Wild Road Trips and Prince Caspian Productions—Part 1

Wild Road Trips

I’m not slacking off on posting, really. (Though that wouldn’t be beneath me.) See, last week, my family was traveling down to South Carolina to see a play of Prince Caspian (more on that later), and between that and having the brain cells of a flea, I wasn’t able to write anything. Which, technically, was a good thing, because now I have lots of good material:

A Baran Family Road Trip.

We’ve been on many of them in our short existence, and let me tell you, they’re pretty insane. Without further ado, BEHOLD. *gestures wildly below*

(Disclaimer: My camera had a misfire this trip, so all pictures were taken with someone’s phone. As such, they are neither pretty nor good quality, and I take no responsibility for either of these things. So don’t sue me.)

We left last Thursday. The morning of departure, we were all raring to go, except for a certain person who shall remain nameless (Anna). This person decided fifteen minutes before we left that life was black. (It always happens to one of us before a trip, be it Dad, Anna, or Joseph. Never me.) Being my kind, understanding self, I responded in love and patience, but apparently, she didn’t want a detailed, point-by-point list of exactly how stupid she was being, and proceeded to tell me to go away.

This is the nature of our relationship.

But we made it over that minor speed bump, and once we were finally in the car and on the road, the squabbling and complaining dissolved into scintillating, intelligent conversation, like how dumb Patrick Gates is in National Treasure, or what it would be like if someone painted their skin purple and pretended to be an alien.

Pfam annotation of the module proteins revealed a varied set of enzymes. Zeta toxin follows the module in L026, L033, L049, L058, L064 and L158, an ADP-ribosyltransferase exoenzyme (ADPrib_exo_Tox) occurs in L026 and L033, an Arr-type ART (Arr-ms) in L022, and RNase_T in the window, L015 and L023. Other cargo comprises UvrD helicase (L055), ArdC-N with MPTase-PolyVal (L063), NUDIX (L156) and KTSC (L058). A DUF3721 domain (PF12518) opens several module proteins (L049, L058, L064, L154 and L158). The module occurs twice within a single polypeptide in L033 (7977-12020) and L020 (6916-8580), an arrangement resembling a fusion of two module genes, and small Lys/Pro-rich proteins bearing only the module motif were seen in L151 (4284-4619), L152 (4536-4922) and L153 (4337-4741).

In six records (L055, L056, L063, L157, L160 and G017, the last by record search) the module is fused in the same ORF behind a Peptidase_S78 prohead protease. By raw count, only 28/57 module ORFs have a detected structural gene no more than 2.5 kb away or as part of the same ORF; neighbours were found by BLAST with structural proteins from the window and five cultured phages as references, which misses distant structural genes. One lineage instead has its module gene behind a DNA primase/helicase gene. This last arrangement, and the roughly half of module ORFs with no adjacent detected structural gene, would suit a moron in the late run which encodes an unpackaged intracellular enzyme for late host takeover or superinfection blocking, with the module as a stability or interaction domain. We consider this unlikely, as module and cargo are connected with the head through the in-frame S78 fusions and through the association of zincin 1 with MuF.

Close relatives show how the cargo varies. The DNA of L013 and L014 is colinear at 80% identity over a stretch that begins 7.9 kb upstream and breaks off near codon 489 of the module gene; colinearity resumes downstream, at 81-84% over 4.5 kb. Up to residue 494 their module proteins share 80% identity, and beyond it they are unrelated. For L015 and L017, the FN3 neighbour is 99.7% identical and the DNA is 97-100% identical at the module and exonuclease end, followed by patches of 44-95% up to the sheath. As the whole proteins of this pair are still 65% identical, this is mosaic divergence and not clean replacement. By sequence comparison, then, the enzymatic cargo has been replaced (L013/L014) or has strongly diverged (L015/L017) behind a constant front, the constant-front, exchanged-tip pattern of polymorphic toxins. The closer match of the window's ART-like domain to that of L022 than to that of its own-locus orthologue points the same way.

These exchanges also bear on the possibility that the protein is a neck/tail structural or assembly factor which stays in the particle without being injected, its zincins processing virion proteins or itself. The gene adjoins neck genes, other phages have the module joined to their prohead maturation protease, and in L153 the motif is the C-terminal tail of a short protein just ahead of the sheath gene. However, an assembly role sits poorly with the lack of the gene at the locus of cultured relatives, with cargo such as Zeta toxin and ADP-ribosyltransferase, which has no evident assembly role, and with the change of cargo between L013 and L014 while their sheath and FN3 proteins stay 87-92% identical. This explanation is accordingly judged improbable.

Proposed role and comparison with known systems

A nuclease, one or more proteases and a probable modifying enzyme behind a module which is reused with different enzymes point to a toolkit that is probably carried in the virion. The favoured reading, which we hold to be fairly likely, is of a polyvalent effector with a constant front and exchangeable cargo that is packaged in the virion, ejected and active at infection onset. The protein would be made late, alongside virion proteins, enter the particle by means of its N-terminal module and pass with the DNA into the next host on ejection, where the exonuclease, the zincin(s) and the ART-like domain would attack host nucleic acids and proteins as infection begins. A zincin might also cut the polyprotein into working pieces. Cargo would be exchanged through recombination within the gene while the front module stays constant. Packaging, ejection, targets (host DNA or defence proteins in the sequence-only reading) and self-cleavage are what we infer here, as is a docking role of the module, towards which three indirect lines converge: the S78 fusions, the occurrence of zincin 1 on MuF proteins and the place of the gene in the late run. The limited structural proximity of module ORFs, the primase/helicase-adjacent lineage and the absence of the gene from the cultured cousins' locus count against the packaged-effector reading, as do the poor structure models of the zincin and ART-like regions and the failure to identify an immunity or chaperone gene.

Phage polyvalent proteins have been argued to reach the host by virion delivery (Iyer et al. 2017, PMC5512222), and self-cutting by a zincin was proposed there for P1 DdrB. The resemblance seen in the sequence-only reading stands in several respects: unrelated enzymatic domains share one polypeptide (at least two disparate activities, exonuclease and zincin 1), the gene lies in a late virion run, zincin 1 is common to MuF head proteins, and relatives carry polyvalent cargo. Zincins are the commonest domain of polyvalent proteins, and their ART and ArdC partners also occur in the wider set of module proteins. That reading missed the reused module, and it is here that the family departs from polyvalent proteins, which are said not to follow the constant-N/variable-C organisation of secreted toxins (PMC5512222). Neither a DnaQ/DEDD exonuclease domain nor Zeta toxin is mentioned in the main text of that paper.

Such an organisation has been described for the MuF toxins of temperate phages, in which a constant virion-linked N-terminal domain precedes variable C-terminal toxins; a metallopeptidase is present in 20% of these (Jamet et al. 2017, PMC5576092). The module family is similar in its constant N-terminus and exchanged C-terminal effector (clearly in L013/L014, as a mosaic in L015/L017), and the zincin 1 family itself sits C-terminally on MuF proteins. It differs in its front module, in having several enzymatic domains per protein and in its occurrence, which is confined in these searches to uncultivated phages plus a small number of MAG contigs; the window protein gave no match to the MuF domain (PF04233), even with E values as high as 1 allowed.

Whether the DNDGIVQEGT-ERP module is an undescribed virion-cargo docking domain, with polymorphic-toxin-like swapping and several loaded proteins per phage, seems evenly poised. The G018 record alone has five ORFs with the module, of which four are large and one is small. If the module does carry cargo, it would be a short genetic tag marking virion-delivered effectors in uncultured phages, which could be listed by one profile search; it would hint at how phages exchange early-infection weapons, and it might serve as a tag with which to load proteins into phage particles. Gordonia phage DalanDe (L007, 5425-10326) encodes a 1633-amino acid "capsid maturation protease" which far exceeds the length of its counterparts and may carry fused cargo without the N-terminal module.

See how disgusted I am?

After the first of what was probably 1,537 Panera Bread coffee breaks, we made lunch.


This is my gourmet Mop’s idea of a healthy, mobile lunch: Lettuce, tic-tacs, and motor oil, all wrapped up on the car floor.

After 5.38 hours of monotonous driving which I shan’t recount for the sake of sanity, we passed Butt Hollow Rd. (yes, this is real), found a Cracker Barrel, and stopped for dinner.



Anna’s approach vs. mine.

When we got out of Cracker Barrel, the heavens decided to let loose and hail. This is a weird occurrence that generally takes place when we’re trying to travel, and is an overall nuisance. Hail or snow storms. Sometimes both.


As you can see, we’re rather disgusted, except for Dad, who I’m pretty sure is thinking about marshmallows.

Another few hours of monotonous driving, and we finally entered the Bible Belt of the Carolinas. As Anna so eloquently put it, “We’re definitely in the Bible Belt. *pause* I don’t know where the Bible Belt is.”

Classic Anna.

Seriously though, within ten minutes, I think we passed eleven or twelve churches. There were so many churches that we made a game out of it: We’d each try to spot them first, and when we did, we’d bellow at the top of our lungs, “CHURCH!!!” This backfired when we came to a town where practically every building looked like a church.

“Chur—no, bank.”

CHURCH!!! Oh. Cremation Service.”

In our defense, there was a cross outside.

We eventually made it to Greenville, where we were staying, and discovered that our hotel was undergoing remodeling. Typical. Of course, we were still allowed to stay there, only the lobby looked somewhat like a dump truck had driven through it. After Anna had a brief hysterical meltdown in the elevator due to claustrophobia, during which I was my typical, caring self, (“Anna, for pity sake, stop being stupid and get a grip.”), I dropped my expensive camera in the hallway and was pronounced dumb by most of my family, including myself. Poetic justice at its best.

The next day was the play, and to say that I was ecstatic is an understatement. I was practically dead. Of course, it didn’t start until 7 PM, so we had the whole day ahead of us to veg and eat fruit loops. (You simply cannot stay at a Home Wood Suites and NOT get fruit loops. I’m sorry.) We decided to take a drive around Greenville, since we love it there, and I was assured numerous times that we would NOT go thrift-store shopping. Guess what we did instead?